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exhibitions

America Starts Here

November 09, 2007 through January 13, 2008

America Starts Here
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Curated by Ian Berry and Bill Arning, assisted by Mel Ziegler

artist(s)Kate Ericson, Mel Zeigler

During their decade-long collaboration, the artist team of Kate Ericson and Mel Ziegler produced some of the most profound and influential conceptual art projects of the times. Their work has not been widely recognized, however--many of their strongest pieces were public-art projects, shown outside major urban art centers and dismantled by the artists after exhibition.

America Starts Here: Kate Ericson and Mel Ziegler offers a fresh assessment of the artists' contributions to late 20th-century art. The exhibition is a joint project of the Tang Museum and the MIT List Visual Arts Center. Organized by the respective museums' curators, Ian Berry and Bill Arning, America Starts Here features 20 works made between 1984 and 1994, and documents the artists' complete oeuvre in a comprehensive catalogue containing full-color reproductions and new scholarship from prominent curators and critics.

Ericson and Ziegler transformed ordinary materials--books, lumber, house paint, canning jars, tap water, and more--into radical artworks luminous with social meaning. The title artwork, America Starts Here, is a 1988 mixed-media installation named after a 1980s slogan promoting tourism to Philadelphia, once the nation's capital. To suggest the city's cycle of early history, industrial boom, and urban decay, Ericson and Ziegler removed more than a hundred broken windowpanes and green plastic replacement panels from an abandoned factory in South Philadelphia, sandblasted them with maps of transportation arteries such as rivers, rails, and roads, and displayed them in positions corresponding to their original places in the old factory's façade.

Other mixed-media works incorporate farmers' feed and seed bags, jars of baby food, etched architectural stone samples and some 80 perfumes custom-designed to capture the scents of pies from many regions of the U.S. A flat-screen presentation will display early works such as Ericson's Rock Extension(1979), a New England-style stone wall that crossed a Houston lawn, mounted the porch, and proceeded straight through the house. In the mid- to late-1980s, the couple began to redefine the terms of public art, then widely castigated for its generic-looking artworks. "We tried to fit ourselves into an existing urban pattern, to infiltrate something about to happen anyway and to make art out of it," said Ziegler. Their Loaded Text(1989) featured the two artists hand-copying the 65-page text of a downtown revitalization plan for Durham, N.C., onto one of the city's badly cracked sidewalks.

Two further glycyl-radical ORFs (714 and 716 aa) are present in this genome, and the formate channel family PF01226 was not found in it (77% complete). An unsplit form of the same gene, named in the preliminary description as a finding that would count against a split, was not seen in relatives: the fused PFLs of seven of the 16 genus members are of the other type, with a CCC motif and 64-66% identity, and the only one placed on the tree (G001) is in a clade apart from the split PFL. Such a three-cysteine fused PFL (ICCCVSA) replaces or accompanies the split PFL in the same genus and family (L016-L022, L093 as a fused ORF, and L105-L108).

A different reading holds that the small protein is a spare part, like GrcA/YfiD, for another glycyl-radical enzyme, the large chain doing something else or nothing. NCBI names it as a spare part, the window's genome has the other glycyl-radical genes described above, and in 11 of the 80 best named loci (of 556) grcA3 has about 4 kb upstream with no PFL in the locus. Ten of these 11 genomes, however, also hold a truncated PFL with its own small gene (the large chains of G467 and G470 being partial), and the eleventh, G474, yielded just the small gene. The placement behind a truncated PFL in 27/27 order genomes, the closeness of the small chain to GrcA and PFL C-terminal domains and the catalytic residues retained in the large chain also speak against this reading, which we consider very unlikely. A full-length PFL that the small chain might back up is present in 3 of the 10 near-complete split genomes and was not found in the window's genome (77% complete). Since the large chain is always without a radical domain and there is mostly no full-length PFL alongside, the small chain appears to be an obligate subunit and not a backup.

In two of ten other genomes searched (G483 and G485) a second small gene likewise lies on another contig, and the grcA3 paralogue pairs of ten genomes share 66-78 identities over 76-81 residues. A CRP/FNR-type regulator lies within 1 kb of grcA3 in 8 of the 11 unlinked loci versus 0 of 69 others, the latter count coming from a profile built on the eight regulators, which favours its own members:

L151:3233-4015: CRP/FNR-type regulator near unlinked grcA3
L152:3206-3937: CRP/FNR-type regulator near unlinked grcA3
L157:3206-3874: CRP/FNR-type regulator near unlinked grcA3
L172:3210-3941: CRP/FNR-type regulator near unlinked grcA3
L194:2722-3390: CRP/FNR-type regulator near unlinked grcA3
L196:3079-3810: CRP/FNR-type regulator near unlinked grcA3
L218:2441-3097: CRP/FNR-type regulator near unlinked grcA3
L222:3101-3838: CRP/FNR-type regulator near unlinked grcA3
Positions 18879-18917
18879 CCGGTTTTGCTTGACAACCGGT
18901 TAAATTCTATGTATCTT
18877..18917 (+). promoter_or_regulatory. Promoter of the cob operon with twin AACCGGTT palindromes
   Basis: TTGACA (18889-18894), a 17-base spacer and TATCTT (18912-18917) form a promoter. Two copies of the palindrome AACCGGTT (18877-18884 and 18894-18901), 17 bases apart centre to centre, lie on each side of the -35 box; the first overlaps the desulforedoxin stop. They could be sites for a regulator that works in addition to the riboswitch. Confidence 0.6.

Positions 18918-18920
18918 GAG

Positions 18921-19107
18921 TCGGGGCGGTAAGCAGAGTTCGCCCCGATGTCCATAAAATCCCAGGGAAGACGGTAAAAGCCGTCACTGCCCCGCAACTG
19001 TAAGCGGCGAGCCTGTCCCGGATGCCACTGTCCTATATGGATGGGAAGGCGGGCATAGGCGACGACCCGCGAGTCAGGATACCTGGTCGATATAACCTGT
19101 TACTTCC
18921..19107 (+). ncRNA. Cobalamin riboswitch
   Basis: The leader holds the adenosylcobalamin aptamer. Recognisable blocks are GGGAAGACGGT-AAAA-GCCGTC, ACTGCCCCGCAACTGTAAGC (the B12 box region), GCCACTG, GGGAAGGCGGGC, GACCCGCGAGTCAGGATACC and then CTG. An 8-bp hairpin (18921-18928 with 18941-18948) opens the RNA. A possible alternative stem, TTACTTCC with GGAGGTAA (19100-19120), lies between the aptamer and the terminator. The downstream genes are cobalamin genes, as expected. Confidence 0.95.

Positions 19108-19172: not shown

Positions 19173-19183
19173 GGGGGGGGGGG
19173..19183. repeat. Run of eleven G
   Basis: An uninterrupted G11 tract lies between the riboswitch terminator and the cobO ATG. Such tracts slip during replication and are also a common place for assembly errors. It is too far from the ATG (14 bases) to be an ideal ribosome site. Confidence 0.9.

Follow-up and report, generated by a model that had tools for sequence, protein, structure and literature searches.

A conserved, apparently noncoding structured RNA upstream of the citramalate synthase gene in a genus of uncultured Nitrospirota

Kate Ericson studied sculpture at the Kansas City Art Institute, earning her BFA in 1978. She went on to complete graduate work at the California Institute of the Arts in 1982, studying under pioneering conceptualists like John Baldessari, Michael Asher and Douglas Huebler. Ericson’s early works were concerned with landscape and home commodification, two themes that remained essential when she and Mel Ziegler became formal collaborators in 1985. The pair worked together for over ten years, securing international attention for their unique site-specific and community-based works. Born in New York City in 1955, Kate Ericson died of brain cancer on October 22, 1995, in the Milanville, Pennsylvania, home she shared with Mel Ziegler.

Mel Ziegler began his undergraduate studies at the Rhode Island School of Design, later transferring to the Kansas City Art Institute to complete his BFA in 1978. He earned an MFA from the California Institute of the Arts in Valencia in 1982. It was in Kansas City that he met Kate Ericson, his future wife and artistic collaborator. Together, Ericson and Ziegler made influential site-specific installations and objects concerned with mapping trajectories, questioning history, and highlighting the specificity of places and communities—all themes that had also been important for Ziegler in his early solo works. After the tragic and premature death of his partner Kate Ericson in 1995, Mel Ziegler has continued to show works nationally and internationally. Works from the last ten years are compiled in stuffed (2003), a catalogue published by Secession, Vienna, Austria; additional images of recent works can be viewed at www.melziegler.com. Ziegler earned a Loeb Fellowship for study at the Graduate School of Design at Harvard University in 1996, and he has lectured throughout the United States, Europe and South America. He is currently Associate Professor of Sculpture at the University of Texas, Austin.

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